One of the best things about video games is the way in which they allow us to inhabit and explore a virtual space. These arenas are often beautiful, and some features, such as photo modes, encourage players to appreciate their graphics. But Gigoia Studios takes this a step further: their games are set within famous artworks.

Their –a suffix series – SURREALISTa, IMPRESSIONSTa Water Lilies, IMPRESSIONISTa Windmills, and FAUVISTa Sailboats – gives a gorgeous look at four different artists (Giorgio de Chirico, Claude Monet, Paul Joseph, and Andre Derain), and each is well worth taking some minutes out of your day to sink into.

Take a Breather

Each begins in a gallery, and provides some information about the artist and their work. I’m by no means an expert in fine art, and the blurbs given seem well tailored to me – enough to give some context without being oblique or overwhelming.

Then you step into the paintings. The games’ pages state: “Gigoia Studios is very aware that digital imagery can´t compare with real painting artwork.” Instead, they do something different: try to evoke an atmosphere and give a “short, simple, contemplative experience” that may encourage further appreciation for the art and artists.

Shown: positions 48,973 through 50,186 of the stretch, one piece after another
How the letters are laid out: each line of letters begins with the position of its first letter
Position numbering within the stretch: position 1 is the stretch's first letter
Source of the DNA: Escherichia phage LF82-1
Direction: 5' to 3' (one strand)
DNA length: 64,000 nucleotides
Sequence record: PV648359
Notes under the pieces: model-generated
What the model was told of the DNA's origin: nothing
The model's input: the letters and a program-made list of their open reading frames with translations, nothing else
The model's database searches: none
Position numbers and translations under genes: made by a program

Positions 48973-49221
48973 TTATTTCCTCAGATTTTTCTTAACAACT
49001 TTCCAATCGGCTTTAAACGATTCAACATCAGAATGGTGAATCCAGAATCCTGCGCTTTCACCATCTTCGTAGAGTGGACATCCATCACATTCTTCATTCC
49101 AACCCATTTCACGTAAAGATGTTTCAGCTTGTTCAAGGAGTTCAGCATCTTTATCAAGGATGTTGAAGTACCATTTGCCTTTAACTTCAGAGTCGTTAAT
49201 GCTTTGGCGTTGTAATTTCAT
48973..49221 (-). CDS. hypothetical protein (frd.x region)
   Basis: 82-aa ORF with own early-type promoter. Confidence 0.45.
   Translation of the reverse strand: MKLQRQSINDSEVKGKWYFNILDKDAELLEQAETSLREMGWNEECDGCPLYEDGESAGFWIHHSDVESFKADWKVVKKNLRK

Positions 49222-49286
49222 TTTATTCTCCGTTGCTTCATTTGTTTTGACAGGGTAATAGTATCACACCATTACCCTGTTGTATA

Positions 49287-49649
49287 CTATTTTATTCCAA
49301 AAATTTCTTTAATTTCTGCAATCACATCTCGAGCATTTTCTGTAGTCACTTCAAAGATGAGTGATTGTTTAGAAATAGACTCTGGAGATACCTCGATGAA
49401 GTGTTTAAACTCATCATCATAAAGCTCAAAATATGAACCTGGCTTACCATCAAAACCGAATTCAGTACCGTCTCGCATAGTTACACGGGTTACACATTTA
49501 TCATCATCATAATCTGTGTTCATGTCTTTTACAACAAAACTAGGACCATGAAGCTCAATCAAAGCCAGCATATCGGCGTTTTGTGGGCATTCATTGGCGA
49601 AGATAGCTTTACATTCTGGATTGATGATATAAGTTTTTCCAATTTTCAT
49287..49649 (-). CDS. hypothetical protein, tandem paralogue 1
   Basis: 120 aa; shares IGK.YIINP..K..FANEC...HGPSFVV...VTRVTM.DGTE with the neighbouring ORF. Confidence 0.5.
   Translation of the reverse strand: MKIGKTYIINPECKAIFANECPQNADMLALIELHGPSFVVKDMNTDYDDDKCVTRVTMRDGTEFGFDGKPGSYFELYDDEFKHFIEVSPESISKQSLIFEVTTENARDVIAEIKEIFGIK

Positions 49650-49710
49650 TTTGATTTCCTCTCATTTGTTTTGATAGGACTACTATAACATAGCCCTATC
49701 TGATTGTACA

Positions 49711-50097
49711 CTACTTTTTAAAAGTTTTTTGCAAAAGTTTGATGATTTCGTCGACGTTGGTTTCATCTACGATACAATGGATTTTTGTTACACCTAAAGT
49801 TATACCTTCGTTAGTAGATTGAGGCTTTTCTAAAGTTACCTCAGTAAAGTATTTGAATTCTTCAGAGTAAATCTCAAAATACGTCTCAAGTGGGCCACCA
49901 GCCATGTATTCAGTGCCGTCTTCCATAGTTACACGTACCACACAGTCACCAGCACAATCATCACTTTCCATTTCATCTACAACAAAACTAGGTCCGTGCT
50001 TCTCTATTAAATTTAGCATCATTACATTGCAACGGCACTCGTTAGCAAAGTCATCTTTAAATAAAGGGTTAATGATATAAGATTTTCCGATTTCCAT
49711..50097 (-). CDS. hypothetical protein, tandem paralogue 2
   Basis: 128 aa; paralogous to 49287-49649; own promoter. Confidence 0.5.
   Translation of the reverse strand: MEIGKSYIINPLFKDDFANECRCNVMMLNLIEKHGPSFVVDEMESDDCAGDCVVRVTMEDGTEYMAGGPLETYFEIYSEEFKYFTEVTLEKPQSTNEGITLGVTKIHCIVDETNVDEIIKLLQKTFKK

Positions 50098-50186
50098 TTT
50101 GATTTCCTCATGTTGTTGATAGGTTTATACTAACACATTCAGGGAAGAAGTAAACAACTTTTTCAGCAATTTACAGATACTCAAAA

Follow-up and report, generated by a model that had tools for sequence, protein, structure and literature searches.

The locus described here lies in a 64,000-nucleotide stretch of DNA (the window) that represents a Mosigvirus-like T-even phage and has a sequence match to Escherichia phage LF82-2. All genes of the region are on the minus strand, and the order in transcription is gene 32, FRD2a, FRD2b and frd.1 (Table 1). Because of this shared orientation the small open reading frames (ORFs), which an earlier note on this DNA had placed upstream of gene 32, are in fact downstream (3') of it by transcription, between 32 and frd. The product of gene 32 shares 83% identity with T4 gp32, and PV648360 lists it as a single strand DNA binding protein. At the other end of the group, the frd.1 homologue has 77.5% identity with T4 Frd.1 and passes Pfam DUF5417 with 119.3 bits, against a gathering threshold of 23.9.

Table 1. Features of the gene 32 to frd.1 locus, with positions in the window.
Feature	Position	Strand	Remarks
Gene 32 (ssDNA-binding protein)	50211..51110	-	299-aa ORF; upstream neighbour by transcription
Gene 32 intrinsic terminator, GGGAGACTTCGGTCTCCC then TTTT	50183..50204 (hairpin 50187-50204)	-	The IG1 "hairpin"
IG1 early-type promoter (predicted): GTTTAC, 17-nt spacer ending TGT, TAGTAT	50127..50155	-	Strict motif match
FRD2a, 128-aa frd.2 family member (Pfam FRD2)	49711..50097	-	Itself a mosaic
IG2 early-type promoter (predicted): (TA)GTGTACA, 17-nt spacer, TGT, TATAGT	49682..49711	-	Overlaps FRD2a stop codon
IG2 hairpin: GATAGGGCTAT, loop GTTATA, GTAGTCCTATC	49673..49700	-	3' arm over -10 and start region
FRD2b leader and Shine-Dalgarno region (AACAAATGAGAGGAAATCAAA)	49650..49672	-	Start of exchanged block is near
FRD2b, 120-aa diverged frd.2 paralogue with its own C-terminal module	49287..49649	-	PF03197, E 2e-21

It works. Each game evokes both the place represented in the art and the way it’s made; the soft focus pastels of Water Lilies is very different to the vivid colors of Sailboats. But each is a space to take a breath and appreciate the environment without distractions. When I automatically hit shift in Water Lilies – usually the button to run – I instead stopped dead still. It probably wasn’t intentional (you can run in Sailboats and Windmill; hitting shift in SURREALISTa does nothing) the effect was fitting, forcing me to slow down and enjoy the walk.

All of Gigoia Studios’ games are available for pay what you want at their page, and are highly recommended as a calming and enjoyable way to spend a few minutes learning something new in beautiful surroundings.

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About the Author

Jay Castello

Jay is a freelance games writer specialising in intersectional feminist critique, how to improve games and use them to improve the world, and cute dogs. She loves inhabiting digital spaces in all their forms, and being constantly surprised by just how weird and wonderful games can be.

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